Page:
I have a hard time understanding why anyone that's ever thought about death for a few moments would not choose to be an organ donor.

unless you happen to live in Dr David Wainwright Evans's world, where the first thing a doctor checks is not your pulse but your wallet.
posted by mcsweetie at 6:50 AM on February 23, 2003


Opt-in. I've read that Robin Cook book... OK, I haven't, but I read the back cover--and it's creepy.
posted by Fabulon7 at 8:33 AM on February 23, 2003


I have a hard time understanding people who refuse to donate, or allow a loved one's organs to be donated, when it is not for religious reasons. I feel much better knowing that after I am gone, part of me will live on and be useful. When my grandma died, someone ended up with her corneas. That makes me feel better about her death.

I know grief is not logical, but the "grieving relative syndrome" mystifies me.
posted by kayjay at 8:37 AM on February 23, 2003


I have a hard time understanding people who refuse to donate, or allow a loved one's organs to be donated, when it is for religious reasons.
posted by jaronson at 9:15 AM on February 23, 2003


Uh... that last comment...I'm an idiot. It helps to read all of the links in a post before commenting. Thanks, TedW. Good post.
posted by jaronson at 9:31 AM on February 23, 2003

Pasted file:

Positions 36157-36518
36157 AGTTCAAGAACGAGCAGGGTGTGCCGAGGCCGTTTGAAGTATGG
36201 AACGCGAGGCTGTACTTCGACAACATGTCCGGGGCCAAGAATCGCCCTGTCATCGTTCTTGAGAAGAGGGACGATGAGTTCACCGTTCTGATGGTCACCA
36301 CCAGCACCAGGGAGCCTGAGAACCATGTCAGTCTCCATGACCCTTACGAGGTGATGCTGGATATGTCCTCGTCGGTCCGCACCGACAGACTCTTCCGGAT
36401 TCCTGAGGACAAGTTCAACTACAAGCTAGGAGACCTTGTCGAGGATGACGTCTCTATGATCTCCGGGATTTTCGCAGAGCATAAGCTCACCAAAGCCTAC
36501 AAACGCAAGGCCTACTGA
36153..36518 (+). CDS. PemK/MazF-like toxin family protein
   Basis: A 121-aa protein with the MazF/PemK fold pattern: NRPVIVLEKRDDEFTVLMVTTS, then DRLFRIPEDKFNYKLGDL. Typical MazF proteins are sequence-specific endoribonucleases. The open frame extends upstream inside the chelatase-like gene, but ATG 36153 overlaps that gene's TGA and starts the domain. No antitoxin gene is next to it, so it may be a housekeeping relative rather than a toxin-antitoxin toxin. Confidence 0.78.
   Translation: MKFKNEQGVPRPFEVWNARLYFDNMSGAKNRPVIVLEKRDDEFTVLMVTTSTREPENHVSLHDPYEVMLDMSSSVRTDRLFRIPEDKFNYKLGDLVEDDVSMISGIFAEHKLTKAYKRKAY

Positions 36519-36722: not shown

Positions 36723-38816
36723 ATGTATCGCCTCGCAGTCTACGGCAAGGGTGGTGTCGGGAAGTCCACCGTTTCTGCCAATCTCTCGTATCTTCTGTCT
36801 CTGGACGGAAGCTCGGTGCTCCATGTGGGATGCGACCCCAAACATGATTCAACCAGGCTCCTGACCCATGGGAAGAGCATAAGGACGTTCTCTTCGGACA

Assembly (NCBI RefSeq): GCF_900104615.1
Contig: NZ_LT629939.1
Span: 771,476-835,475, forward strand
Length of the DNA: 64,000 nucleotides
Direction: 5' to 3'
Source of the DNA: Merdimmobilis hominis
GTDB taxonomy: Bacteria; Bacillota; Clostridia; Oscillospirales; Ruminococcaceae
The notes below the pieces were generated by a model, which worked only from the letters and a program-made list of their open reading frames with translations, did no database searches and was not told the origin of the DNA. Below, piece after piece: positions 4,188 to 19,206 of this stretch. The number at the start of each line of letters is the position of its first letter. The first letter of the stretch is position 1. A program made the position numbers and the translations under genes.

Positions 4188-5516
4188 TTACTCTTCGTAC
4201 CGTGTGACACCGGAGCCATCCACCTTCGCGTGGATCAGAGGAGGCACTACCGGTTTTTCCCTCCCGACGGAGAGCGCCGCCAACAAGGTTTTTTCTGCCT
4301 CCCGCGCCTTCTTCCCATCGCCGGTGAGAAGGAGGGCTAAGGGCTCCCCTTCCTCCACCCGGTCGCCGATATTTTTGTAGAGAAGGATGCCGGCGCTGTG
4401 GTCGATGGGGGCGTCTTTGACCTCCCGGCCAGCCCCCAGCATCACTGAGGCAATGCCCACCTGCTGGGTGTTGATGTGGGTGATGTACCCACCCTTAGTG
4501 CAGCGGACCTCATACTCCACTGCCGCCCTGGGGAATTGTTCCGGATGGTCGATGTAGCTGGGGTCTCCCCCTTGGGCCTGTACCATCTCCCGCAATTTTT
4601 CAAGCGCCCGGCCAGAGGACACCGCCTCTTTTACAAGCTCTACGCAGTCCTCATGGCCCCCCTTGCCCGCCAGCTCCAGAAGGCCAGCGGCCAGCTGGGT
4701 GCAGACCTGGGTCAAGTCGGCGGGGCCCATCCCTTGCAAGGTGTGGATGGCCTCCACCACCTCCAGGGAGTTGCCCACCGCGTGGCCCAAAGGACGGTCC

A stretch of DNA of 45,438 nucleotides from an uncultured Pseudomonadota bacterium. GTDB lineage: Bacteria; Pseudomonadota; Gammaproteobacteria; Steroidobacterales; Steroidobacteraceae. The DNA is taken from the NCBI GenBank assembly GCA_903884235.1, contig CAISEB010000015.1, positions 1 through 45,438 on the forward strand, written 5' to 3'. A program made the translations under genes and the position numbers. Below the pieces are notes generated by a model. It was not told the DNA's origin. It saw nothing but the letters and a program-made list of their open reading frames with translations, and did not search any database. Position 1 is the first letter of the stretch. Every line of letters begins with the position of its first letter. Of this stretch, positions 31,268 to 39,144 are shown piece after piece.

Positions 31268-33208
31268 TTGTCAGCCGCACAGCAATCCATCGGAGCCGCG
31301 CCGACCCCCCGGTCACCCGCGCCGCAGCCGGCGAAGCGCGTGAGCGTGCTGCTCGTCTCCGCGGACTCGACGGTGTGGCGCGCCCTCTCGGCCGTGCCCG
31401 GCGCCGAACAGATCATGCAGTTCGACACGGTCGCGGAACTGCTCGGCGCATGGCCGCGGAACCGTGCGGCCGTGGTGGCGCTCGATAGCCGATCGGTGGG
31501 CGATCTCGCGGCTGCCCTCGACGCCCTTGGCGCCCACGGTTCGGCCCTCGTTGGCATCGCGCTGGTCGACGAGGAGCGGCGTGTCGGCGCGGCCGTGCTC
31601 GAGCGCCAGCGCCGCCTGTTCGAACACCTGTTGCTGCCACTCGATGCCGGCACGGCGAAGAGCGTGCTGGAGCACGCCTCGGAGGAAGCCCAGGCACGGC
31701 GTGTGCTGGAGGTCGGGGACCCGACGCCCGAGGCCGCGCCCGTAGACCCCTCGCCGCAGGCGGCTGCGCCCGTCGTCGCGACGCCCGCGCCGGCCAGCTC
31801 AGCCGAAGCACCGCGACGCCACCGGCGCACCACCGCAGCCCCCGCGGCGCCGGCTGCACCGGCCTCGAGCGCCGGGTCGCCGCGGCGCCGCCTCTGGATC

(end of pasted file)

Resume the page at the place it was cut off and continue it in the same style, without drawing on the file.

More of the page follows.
To give a perspective that I haven't seen here or in the thread from hell: My parents are nationalized immigrants who love this country but harbor an abiding mistrust for institutions like the government and the medical establishment. Most often, this manifests itself purely in humorous ways. My dad, for instance, believes that pretty much all maladies are traceable to fiber deficiencies and tends to prescribe a treatment of beans for everything from backaches to the common cold. My mom generally jumps in on whatever ethnic medicine bandwagon is popular at the moment, the worst of which was the completely ineffectual and vomit-tasting Noni juice, which about poisoned my dorm refrigerator when she sent it to me my freshman year of college. Occasionally, when I visit home, I wince to find Emulsified Norwegian Cod Liver Oil where the butter should be.

Yes, my parents are paranoid. Not clinically -- after all, my dad didn't hesitate to trust the hospitals when he was diagnosed with prostate cancer; and they do insist on regular medical and dental checkups for all of us. But their ... over-cautiousness has an occasional potentially serious side. Neither of them is an organ donor, chiefly because they fear that if anything happened to either of them, and a doctor had to choose between 1) making undue exertions to preserve their life for a little while and 2) being perhaps less of an obstacle to their death than he could in order to rescue their precious organs for another more deserving vessel, he might be tempted to make the unethical choice.